A Climosequence of Soils on Late Quaternary Volcanic Ash in Highland Papua New Guinea

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Chartres, C. J.
Pain, C. F.
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Some chemical, physical and mineralogical properties of three soils developed in volcanic ash at altitudes of 1040 m, 1720 m, and 2350 m in Papua New Guinea's Enga Province are presented. Silt-fraction mineralogy and total chemical analyses show that fresh ash occurs in the upper approximately 30 cm of profile at each site. This fresh ash is probably only a few thousand years old and overlies an older weathered ash (Tomba Tephra; more than 50000 years old)_ At the lowest site the majority of the primary minerals (predominantly amphiboles, volcanic glass and felspar, and some pyroxenes) have been decomposed by weathering to produce a high clay content. With increasing altitude, greater proportions of silt-sized, weathered and partially altered primary minerals are recognized and molar ratios of calcium, magnesium, sodium and potassium to aluminum increase accordingly. In the clay fractions, cellophane with Al/Si ratios of approximately 2.0 is dominant at the highest site, whereas with decreasing altitude lower proportions of allophane occur, Al/Si ratios decline and halloysite becomes dominant. Gibbsite is found in all three profiles.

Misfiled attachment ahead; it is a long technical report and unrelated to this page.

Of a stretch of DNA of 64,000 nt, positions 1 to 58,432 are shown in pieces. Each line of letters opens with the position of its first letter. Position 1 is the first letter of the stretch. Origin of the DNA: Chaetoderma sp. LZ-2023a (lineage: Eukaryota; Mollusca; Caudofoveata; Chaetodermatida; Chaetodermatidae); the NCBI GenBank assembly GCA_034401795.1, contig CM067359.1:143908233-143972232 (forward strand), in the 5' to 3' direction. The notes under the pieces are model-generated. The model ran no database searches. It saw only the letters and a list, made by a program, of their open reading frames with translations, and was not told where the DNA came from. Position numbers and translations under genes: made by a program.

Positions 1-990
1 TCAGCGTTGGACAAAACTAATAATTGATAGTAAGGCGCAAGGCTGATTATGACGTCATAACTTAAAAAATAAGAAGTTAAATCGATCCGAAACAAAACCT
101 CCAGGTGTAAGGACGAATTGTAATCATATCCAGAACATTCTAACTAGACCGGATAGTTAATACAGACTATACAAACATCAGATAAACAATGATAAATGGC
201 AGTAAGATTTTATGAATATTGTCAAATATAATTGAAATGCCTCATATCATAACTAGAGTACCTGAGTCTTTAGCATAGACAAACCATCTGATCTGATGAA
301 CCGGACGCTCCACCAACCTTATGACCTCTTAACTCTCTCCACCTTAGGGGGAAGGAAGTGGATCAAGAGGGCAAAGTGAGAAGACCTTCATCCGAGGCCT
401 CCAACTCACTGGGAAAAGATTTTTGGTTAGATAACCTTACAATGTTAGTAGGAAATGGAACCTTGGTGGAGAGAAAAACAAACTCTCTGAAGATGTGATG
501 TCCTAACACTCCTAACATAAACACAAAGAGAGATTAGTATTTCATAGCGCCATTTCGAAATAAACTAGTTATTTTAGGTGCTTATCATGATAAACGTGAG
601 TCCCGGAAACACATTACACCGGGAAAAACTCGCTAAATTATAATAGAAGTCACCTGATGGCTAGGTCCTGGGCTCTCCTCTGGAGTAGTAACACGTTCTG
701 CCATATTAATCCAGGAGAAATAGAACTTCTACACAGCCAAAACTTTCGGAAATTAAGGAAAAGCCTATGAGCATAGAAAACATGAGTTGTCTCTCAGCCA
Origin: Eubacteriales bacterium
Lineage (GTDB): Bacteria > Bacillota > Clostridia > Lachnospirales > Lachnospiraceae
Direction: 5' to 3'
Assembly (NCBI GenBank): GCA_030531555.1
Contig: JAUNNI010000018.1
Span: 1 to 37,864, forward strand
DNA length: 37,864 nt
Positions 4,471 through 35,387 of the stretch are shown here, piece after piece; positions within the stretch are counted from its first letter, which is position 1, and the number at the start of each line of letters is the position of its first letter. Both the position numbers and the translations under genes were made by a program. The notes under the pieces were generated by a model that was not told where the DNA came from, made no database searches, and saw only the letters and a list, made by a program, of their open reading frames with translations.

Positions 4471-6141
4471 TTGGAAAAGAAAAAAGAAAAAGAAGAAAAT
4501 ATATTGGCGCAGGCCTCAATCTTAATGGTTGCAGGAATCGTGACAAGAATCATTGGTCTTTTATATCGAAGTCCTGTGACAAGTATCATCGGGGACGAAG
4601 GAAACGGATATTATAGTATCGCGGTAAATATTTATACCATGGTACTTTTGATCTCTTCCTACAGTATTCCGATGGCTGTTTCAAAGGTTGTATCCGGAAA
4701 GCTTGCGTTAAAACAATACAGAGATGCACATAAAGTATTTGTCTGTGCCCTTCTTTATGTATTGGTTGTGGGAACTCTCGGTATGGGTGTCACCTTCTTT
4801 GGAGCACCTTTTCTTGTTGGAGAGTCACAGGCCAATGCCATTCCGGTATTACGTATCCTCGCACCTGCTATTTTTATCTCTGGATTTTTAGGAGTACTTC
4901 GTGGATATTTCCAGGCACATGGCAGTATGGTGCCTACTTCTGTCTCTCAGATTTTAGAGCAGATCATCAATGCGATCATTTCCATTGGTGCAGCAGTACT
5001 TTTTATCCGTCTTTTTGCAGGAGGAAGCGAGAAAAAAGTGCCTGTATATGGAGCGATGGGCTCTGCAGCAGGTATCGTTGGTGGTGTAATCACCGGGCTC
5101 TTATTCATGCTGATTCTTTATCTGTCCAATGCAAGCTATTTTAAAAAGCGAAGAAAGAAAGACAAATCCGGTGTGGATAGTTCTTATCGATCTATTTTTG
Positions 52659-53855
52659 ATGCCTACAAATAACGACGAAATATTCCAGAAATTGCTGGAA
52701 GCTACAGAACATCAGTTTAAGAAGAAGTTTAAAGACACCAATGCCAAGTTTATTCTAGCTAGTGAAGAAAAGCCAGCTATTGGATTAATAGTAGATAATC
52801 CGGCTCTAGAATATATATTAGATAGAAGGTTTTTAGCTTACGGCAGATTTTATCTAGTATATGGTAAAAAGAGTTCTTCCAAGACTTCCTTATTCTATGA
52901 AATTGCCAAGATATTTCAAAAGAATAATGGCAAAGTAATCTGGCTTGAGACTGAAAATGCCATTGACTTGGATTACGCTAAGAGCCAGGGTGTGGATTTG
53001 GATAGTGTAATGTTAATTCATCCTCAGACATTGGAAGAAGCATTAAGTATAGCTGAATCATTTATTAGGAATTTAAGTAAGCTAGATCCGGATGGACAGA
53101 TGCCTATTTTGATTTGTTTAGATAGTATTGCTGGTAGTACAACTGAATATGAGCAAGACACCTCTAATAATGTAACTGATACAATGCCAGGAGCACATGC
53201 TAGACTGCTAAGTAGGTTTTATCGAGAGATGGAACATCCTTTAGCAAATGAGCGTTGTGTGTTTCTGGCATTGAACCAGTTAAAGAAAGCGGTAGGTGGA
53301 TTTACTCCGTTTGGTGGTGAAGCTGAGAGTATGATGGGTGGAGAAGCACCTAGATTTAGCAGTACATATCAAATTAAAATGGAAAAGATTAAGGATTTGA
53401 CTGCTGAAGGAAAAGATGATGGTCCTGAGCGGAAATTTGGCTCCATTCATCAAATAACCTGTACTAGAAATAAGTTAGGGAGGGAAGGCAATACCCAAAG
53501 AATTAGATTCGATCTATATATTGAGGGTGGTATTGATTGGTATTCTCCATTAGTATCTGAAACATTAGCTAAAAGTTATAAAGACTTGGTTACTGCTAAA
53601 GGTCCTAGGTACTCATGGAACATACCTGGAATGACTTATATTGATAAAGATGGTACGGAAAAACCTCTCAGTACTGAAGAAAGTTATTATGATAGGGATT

Library Journal, 32, p. 131-155